While some rural hospitals are now converting to that model, NCCH is essentially a micro hospital now, as it has already adjusted and made those changes.
NCCH focuses on emergency care -- a necessity for communities far from trauma centers in large cities, and a variety of outpatient services, including rural health clinics, lab, imaging, respiratory, rehab, nursing services, 340B pharmacy and endoscopy services, so that people don't have to travel far for these important services.
CEO Roland Knox and NCCH management have continuously kept abreast of changes in the healthcare climate in order to keep our hospital healthy, both financially and for our community.

As a hospital, we understand that local conditions have a huge impact on the health risks and health outcomes of the people we serve. Everything from a lack of access to healthy foods to a lack of safety at the local playground can create differences in health. NCCH continues to work with the communities in the district it serves to address challenges which are crucial to building healthy communities.

As the healthcare environment continues to change, so will NCCH. We continue to look ahead and are prepared to move forward with best practices and value for our patients and communities.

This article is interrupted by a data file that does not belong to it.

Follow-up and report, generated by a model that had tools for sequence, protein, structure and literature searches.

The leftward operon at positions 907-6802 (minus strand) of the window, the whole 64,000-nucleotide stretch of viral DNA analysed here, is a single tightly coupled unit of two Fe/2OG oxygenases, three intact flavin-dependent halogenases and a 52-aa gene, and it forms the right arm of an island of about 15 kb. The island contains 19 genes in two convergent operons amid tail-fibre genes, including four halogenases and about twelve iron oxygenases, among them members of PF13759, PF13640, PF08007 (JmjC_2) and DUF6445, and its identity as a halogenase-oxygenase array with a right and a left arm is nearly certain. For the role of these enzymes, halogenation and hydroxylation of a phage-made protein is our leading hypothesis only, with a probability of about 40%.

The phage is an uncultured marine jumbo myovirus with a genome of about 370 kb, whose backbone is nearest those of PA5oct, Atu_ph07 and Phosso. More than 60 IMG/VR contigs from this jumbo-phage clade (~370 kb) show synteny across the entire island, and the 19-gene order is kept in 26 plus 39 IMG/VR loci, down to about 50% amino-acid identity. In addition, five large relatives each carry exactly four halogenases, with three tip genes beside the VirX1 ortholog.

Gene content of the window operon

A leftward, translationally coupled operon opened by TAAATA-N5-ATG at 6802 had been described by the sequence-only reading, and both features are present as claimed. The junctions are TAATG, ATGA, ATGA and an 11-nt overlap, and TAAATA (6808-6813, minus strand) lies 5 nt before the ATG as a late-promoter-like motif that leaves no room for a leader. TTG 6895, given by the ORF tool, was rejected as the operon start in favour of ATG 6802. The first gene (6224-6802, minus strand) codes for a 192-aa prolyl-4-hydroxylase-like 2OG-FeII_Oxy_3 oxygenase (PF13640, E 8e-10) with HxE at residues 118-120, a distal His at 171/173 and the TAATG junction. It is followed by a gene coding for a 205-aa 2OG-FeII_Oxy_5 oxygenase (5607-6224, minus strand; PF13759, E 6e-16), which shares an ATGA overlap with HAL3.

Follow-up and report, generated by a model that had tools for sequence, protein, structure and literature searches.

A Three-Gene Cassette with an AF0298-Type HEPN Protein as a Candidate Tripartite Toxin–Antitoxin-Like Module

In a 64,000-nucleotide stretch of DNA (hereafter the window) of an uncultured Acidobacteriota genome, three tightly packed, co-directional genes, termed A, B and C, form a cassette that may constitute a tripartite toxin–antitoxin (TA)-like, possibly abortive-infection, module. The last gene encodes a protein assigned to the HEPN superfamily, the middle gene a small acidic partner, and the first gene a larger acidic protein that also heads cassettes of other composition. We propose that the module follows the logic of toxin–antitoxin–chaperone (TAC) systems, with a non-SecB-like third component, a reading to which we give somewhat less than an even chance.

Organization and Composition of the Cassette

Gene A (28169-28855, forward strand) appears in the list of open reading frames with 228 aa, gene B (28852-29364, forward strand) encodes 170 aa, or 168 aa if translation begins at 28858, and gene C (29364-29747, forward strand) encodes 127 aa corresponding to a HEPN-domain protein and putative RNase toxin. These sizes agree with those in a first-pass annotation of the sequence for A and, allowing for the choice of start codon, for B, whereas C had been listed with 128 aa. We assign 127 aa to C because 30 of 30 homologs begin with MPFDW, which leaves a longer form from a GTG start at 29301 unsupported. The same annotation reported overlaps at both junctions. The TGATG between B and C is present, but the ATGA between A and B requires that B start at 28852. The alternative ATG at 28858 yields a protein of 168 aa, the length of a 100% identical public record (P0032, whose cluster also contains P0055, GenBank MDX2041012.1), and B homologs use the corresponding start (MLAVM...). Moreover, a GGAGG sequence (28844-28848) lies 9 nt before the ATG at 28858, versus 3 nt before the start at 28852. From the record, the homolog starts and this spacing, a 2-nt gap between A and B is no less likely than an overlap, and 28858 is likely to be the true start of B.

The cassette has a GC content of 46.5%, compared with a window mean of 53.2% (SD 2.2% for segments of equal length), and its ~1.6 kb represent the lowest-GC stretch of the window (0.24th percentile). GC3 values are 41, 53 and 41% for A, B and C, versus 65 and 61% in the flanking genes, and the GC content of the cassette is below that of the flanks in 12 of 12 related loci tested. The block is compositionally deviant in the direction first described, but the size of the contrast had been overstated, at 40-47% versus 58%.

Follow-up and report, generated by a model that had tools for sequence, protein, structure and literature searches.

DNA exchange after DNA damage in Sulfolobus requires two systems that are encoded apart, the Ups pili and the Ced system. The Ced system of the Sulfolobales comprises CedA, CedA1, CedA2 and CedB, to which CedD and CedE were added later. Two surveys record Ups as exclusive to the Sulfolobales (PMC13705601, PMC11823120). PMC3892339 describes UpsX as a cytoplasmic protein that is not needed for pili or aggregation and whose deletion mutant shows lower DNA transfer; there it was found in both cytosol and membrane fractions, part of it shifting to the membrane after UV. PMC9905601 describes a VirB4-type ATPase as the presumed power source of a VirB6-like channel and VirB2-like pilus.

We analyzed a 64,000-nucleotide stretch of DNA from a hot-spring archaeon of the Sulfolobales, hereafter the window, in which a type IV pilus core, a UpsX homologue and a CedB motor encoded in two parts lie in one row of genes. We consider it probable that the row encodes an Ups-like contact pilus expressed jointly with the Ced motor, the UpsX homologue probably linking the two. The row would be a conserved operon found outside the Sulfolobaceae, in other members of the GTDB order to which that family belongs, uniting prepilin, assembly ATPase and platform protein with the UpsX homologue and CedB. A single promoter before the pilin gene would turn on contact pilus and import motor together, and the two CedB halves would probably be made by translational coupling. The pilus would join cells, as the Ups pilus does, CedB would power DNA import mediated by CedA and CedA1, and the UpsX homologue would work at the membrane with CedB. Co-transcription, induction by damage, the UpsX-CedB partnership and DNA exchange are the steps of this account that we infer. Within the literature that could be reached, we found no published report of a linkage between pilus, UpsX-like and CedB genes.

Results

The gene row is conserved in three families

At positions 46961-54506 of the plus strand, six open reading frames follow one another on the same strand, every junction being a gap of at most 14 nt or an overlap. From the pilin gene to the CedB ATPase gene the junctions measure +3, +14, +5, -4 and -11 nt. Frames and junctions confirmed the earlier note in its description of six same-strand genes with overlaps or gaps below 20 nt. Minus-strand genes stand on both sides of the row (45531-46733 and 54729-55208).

"NCCH remains committed to the communities we serve by providing hospital services. We will deliver services in a way that is responsible to the community, who relies on us to be a good steward of resources they provide us," Knox said. "We always have and always will put the needs of the patient first. "




NCCH Columns


NCCH explores new service possibilities


Ainslee Wittig / NCCH Community Relations

Heath care continuously changes - not only through improvements in treatment, but also in its business models. Insurance and regulations can change the bottom line of a hospital in no time.
That is why Northern Cochise Community Hospital is constantly looking ahead.
CEO Roland Knox spoke with staff last week about options NCCH is looking at to help patients, but also the bottom line, as we can't help one without the other.
As medical criteria have changed to admit patients to the hospital, and get paid for it, fewer patients are spending time on the medical floor.